Congrats! You're a New Manager. (Now What?)

Linda Dulye's picture
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For newly minted managers, the excitement of a long-awaited promotion can wear off quickly if they aren't given the basic management skills needed to succeed in the role.

For years organizations have elevated high-performing individual contributors into management positions without so much as one-day leadership boot camp. We ran across this articleWhich Way and even though it's a few years old, the message still applies:

Much of that training goes to help managers comply with workplace rules on issues like sexual harassment, or to teach them financial basics such as budgeting. That leaves little time for training on "soft skills," such as coaching, leading, disciplining, giving feedback and resolving conflicts. As a result, human-resource consultants say, new managers struggle to strike the right tone with former peers, with some trying too hard to stay one of the gang and others asserting their authority too harshly. New managers are also notoriously inconsistent, confusing staffers with intermittent or conflicting feedback.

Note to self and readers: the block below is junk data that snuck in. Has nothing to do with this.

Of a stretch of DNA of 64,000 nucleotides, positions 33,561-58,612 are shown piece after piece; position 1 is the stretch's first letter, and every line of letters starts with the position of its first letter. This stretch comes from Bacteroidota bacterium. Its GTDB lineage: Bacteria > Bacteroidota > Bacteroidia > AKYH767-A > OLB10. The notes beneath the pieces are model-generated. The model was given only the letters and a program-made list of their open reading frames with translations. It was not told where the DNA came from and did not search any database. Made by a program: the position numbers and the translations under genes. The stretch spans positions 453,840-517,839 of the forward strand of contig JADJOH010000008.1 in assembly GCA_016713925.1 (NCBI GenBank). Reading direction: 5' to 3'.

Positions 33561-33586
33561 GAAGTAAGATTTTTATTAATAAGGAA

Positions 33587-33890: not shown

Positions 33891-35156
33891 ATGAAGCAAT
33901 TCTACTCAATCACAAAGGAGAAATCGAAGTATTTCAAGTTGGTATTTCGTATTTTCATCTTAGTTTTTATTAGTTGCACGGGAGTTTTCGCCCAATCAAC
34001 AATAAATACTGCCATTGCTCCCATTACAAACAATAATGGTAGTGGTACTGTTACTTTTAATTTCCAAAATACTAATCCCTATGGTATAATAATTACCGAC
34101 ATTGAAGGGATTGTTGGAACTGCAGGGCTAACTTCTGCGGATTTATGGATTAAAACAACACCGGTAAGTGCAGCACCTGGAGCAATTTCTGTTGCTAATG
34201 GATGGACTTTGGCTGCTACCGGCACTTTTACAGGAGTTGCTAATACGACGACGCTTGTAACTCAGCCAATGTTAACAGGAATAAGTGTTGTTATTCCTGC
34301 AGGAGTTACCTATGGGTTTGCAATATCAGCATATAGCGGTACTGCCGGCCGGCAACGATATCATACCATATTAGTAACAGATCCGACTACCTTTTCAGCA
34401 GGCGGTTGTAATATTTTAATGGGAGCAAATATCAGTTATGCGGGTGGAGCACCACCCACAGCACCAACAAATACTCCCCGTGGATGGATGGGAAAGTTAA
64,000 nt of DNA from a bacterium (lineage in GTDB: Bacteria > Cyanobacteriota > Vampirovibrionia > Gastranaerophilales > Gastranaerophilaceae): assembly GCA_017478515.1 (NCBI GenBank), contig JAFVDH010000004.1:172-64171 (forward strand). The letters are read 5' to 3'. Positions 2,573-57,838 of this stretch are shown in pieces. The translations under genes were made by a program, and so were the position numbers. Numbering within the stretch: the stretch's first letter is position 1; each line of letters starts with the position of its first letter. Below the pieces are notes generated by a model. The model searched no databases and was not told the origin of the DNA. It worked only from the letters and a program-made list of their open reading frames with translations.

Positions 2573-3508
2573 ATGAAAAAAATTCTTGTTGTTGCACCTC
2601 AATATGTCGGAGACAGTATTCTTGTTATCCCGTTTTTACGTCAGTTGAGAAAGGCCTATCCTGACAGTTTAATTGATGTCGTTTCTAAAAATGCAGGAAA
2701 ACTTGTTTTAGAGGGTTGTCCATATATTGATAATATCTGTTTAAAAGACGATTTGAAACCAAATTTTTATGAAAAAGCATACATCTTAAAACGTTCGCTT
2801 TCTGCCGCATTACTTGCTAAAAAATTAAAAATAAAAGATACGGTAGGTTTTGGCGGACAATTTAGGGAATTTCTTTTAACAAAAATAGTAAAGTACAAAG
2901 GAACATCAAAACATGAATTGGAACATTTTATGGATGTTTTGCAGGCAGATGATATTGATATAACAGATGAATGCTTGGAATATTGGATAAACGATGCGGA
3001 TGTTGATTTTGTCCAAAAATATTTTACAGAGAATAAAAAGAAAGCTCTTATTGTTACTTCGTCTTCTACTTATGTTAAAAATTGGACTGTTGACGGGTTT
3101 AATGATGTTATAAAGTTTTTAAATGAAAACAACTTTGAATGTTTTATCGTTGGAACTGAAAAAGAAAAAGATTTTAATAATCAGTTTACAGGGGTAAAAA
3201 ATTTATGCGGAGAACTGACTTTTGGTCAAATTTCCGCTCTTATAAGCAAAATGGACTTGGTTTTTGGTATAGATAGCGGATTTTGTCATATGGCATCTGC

The piece also outlines common mistakes by freshman managers:

  • Wanting to stay pals with former peers and not establishing credibility as a boss
  • Asserting new authority too harshly and coming down too hard on former peers
  • Not giving a problem employee honest feedback because you don't like conflict -- then surprising him during a performance review
  • Wanting to keep doing the work themselves rather than developing employees' skills
  • Assuming employees know exactly what's expected of them without the benefit of specific direction

In today's do-more-with less environment we're likely to see more untested managers rising to the ranks of manager. Who knows, you might the person triggering the promotion.

Whomever is making the call must recognize that without the right amount of support sometimes getting promoted isn't all it's cracked up to be.

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